Dinnertime and its Discontents

The search for a satisfying meal


in Features


I grew up in the 1950s and ’60s, and my mother was a working woman who didn’t like to cook. Although she dutifully made dinner for us every night, these were perfunctory and repetitive meals: meatloaf made with Catalina salad dressing, spaghetti with tomato sauce and occasional meatballs (also made with Catalina salad dressing), roast chicken (overcooked), and instant chocolate pudding or Jello for dessert. I looked with envy at my friends whose stay-at-home moms prepared things like veal parmigiana and shrimp scampi, baked alaska and pineapple upside-down cake.

At the time, convenience foods were sparse, limited mostly to canned foods. For many years, my idea of vegetables were greenish things floating in yellowish liquid that were dumped in a saucepan for 30 minutes so whatever taste and nutrition they contained had been boiled away. Another familiar adjunct to our meals was cream of mushroom soup — flavored lard to be added to casseroles, dips, or anything that needed a fat and sodium boost. Also, pork and beans: snippets of fat drowning in a salty mush and introduced alongside the occasional boiled hot dog (my mother saw hot dogs as low class but made an exception by serving them under the name of frankfurters). Finally, there was the much-loved macaroni and cheese — elbow macaroni and Velveeta — served to us when our parents went out for dinner.

Later in my childhood, frozen foods came into vogue. Swanson’s frozen dinners had been introduced in the early 1950s under the trademark of “TV dinners,” but we rarely had these, since my mother decided that they, like hot dogs, were low class. I believe the branding, “TV dinners,” put her off. As an educated woman of the 1950s, she had disdain for television, and the idea of eating in front of it struck her as akin to eating in one’s underwear. Being a good Democrat, she was not swayed by the fact that the then-President and his wife enjoyed their meals in front of the TV. I was reminded of this when I visited the Eisenhower home in Gettysburg, PA, and saw the little tables in the living room where Ike and Mamie used to eat dinner while watching Gunsmoke.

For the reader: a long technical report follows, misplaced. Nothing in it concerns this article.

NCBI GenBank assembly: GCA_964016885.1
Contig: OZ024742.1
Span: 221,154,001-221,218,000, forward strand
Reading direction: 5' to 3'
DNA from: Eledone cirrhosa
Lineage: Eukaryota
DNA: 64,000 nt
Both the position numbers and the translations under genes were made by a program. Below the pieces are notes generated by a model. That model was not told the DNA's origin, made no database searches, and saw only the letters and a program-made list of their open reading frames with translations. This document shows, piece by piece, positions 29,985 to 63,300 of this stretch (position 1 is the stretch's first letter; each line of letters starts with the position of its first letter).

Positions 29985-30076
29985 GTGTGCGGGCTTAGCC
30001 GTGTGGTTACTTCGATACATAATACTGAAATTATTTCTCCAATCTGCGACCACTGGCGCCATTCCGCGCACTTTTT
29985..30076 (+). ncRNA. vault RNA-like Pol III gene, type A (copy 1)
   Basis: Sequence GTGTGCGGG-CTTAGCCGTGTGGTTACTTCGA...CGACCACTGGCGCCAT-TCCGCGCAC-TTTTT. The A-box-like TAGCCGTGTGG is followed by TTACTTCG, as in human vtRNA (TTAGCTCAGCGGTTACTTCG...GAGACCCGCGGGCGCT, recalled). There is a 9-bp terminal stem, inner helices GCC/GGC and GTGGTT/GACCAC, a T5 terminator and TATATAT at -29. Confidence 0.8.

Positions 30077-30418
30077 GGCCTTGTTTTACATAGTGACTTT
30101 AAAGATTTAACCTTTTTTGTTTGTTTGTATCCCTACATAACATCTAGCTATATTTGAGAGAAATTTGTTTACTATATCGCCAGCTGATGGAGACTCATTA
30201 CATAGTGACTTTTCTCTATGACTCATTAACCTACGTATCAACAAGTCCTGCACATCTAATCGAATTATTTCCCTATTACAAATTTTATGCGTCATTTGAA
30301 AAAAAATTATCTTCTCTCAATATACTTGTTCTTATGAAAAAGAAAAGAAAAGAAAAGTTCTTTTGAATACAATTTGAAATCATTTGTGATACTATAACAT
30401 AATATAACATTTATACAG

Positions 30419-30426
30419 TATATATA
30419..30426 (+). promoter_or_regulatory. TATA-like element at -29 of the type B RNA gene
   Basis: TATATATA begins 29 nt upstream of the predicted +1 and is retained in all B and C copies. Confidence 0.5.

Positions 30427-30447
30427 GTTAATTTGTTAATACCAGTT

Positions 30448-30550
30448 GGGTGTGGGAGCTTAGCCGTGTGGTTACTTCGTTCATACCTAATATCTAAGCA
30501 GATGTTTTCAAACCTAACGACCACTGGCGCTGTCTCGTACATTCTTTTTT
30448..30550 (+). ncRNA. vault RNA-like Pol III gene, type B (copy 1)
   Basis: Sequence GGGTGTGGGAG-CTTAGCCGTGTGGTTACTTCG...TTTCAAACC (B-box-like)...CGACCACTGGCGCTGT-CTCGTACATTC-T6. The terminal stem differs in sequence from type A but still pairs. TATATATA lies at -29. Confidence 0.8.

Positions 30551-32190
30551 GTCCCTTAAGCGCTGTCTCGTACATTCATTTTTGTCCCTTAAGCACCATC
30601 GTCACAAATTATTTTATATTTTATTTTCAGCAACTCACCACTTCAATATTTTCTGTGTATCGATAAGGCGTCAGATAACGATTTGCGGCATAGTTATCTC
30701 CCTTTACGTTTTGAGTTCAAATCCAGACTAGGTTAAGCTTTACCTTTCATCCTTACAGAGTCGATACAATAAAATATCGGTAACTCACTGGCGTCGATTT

Frozen vegetables, however, were OK, and we understood vaguely that they were healthier than the canned stuff. I recall many a meal in which a rock-solid box of string beans was defrosted and served as a soggy accompaniment to a baked potato and Catalina meatloaf. Our reliance on frozen foods would be briefly suspended in the summer when my father had a garden, though the time window here was small, his lettuce and string beans being mostly eaten by the rabbits in the area. The one thing that invariably survived was rhubarb, which he boiled for hours with large heaps of sugar and served to us in lieu of the more preferred instant chocolate pudding.

I spent college on a meal plan (which I liked, given what I had to compare it with). During my single years afterward, I subsisted on salads from the many Korean markets in my neighborhood (this was Manhattan in the 1980s). I had packed on a few pounds owing to all that cream of mushroom soup, and I tried valiantly to lose weight with salads and Tab, a diet drink to which everyone I know became addicted (it is still produced, though in smaller quantities, and there are people who have squirreled away cases as one would stock an air raid shelter).

When I finally had a family later in that decade, I found myself following in my mother’s footsteps. I too hated to cook, evidence of the rule that one either copies one’s mother or reverses her, which I suppose covers all the bases. But like her, I felt that, having procreated, I had to feed the little brats and could not bring myself, like a shameless neighbor, to serve them cereal for dinner. Hence, the return of Catalina meatloaf, roast chicken, and spaghetti. I also added an item that my husband became attached to during his bachelor days: shake and bake chicken. This was chicken coated with a vaguely metallic bread crumb seasoning and put in the oven to be forgotten until you were ready to eat. Salad, which I had discovered in my 20s, also became a staple, though the addition of large wallops of salad dressing cancelled the health benefits. We mostly used Paul Newman dressing under the illusion that it had to be okay since Paul Newman was such a wholesome figure and I had a crush on him ever since seeing Exodus when I was seven years old.